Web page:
Liddi finding fans on two continents

Last week, Alex Liddi was a reserve infielder for the Seattle Mariners and the answer to a trivia question, as the first player born and raised in Italy to play in the major leagues.

Now, he’s much more than that.

He’s establishing himself as an everyday player. He’s stirring interest in the game among his countrymen. And he’s becoming the new face of European baseball, at a time when the sport is trying to mimic the NBA’s successful outreach there.

Liddi, only 23, is one of the most intriguing players on a Seattle roster that has little in the way of bolted-down furniture. Mariners officials are fond of saying they need to learn more about their in-house talent. That is baseball code for, "Great-paying jobs available. Can you hit?"

To that end, Liddi’s recent play has been a revelation. After debuting in the majors last September, he has played eight games this year and collected hits in seven of them. He has the highest slugging percentage (.607) of any Mariner with at least 20 at-bats. He homered in consecutive games during Seattle’s surprising three-game sweep of the Detroit Tigers this week.

Look at it this way: Liddi has started five of the Mariners’ past six games. He is hitting .400 over that span. The only time Liddi didn’t play, Philip Humber pitched a perfect game against his team.

Italians are taking notice. Filippo Fantasia, editor-in-chief of the online newspaper, said his website sees its peak traffic whenever videos and news articles about Liddi are posted. “Many Italians send emails celebrating his successful (moments),” Fantasia told me (in an email, naturally).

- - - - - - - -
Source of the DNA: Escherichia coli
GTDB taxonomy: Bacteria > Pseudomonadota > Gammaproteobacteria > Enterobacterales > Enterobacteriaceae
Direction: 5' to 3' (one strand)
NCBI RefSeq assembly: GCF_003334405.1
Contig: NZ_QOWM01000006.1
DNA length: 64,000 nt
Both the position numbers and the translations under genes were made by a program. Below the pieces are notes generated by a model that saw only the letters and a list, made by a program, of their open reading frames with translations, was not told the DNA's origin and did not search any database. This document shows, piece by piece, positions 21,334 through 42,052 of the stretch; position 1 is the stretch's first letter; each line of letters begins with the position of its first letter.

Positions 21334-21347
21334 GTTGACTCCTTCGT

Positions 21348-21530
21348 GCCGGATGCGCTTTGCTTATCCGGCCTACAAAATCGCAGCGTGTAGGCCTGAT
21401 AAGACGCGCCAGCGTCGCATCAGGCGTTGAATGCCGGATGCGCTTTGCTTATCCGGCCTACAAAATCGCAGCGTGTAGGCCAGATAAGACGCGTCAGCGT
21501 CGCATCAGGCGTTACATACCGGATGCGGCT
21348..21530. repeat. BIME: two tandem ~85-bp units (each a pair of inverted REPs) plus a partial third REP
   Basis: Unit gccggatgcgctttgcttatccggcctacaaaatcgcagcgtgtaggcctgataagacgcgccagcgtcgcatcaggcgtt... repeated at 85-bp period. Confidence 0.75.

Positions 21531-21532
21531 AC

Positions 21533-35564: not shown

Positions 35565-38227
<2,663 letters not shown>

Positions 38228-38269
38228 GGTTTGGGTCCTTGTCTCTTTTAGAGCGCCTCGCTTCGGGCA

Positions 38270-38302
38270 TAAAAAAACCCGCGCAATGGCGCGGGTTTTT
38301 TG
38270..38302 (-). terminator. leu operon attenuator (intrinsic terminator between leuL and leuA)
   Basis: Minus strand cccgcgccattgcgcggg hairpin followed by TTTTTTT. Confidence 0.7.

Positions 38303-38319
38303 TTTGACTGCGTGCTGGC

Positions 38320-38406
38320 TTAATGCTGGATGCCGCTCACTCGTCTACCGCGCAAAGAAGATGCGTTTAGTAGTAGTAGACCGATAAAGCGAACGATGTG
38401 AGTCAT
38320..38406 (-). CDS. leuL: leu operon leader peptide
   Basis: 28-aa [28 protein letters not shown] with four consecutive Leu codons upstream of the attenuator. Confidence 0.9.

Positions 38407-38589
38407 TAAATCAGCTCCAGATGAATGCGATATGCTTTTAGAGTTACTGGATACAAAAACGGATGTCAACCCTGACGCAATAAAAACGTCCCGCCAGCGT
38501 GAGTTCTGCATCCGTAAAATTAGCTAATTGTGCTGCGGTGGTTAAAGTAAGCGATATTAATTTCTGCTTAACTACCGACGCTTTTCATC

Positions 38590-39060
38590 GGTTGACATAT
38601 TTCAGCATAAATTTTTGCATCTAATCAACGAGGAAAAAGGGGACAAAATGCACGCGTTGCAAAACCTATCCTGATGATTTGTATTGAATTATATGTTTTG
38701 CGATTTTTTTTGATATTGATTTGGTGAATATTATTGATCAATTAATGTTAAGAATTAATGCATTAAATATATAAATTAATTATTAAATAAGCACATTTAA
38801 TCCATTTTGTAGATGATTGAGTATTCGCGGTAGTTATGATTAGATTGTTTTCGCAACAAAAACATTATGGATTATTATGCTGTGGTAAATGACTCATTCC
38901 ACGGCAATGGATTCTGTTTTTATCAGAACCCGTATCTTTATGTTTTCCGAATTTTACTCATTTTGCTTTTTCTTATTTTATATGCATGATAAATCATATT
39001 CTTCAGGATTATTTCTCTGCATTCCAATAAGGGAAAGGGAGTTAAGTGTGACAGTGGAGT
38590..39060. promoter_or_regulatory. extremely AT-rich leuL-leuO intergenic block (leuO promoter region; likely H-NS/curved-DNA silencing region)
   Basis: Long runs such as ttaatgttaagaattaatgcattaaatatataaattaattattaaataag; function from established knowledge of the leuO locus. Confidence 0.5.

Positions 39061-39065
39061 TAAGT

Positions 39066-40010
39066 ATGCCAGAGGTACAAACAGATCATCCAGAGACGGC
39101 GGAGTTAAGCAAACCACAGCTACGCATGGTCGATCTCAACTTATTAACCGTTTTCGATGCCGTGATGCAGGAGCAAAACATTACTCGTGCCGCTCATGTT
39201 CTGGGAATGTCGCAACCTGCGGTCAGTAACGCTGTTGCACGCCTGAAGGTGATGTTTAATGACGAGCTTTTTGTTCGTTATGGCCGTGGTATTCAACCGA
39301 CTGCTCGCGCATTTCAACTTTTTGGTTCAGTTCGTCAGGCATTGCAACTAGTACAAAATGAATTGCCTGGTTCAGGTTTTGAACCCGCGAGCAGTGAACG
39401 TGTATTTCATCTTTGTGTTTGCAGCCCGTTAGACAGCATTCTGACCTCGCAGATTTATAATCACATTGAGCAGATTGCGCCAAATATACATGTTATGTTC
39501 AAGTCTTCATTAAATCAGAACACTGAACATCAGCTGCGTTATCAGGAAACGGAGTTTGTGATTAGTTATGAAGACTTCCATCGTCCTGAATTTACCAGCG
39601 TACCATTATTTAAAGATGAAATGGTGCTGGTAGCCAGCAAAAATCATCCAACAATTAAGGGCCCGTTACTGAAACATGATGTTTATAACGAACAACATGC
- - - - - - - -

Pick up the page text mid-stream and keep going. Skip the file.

Rai Sport 1 — the national, state-owned sports television channel — made mention of Liddi’s primo fuoricampo (first home run) in Tuesday night’s game and has followed his daily progress. La Gazzetta dello Sport, which has an intense focus on soccer, published a story about Liddi this week. Short mentions of Liddi have appeared in mainstream newspapers.

As of Friday morning, more than 2,300 Facebook users “like” the Alex Liddi fan page.

“It’s quite unusual,” said Mario Salvini, who writes a baseball blog for La Gazzetta. “Alex is (putting) baseball on the pages. People (are) beginning to know him. Something has started. I hope.”

Thanks to the live streaming of baseball games, any Italian with an Internet connection and account can watch the country’s newest sports hero — as long as they are awake. A weeknight Mariners home game starts at 4:10 a.m. in Sanremo, the popular vacation destination on the Mediterranean where Liddi grew up. His parents, Agostino and Flavia, don’t mind. Both retired, they are happy to stay up late or rise before dawn. “In my family, everybody watches,” Liddi said this week. Sometimes Liddi returns to his locker following games to find emails from his parents or brother, Thomas.

Within the small but ardent Italian baseball community, Liddi is a phenomenon. He trained for part of last offseason at the Major League Baseball European Academy in Tirrenia, Italy, near Pisa. “All the kids there can’t wait to check the MLB scoreboard every morning, (to) see if he played and how he did,” said Marco Mazzieri, manager of the Italian national team.

Mazzieri, who also works for the Mariners as an area scout in Italy, recalled how Liddi’s work ethic was lauded at a January convention of Italian baseball coaches in Verona. Liddi was in attendance and received a standing ovation from the hundreds of coaches there. Liddi grew emotional as he thanked the coaches for their support, saying he felt as if he had an entire country behind him.

Liddi also was a big draw at the Federazione Italiana Baseball Softball banquet last December. Organizers had expected a crowd of between 350 and 500 fans. “Then we announced Liddi was going to be there, and 900 people showed up,” said Riccardo Schiroli, the FIBS communications manager. “We had to go to another theater in a hurry.”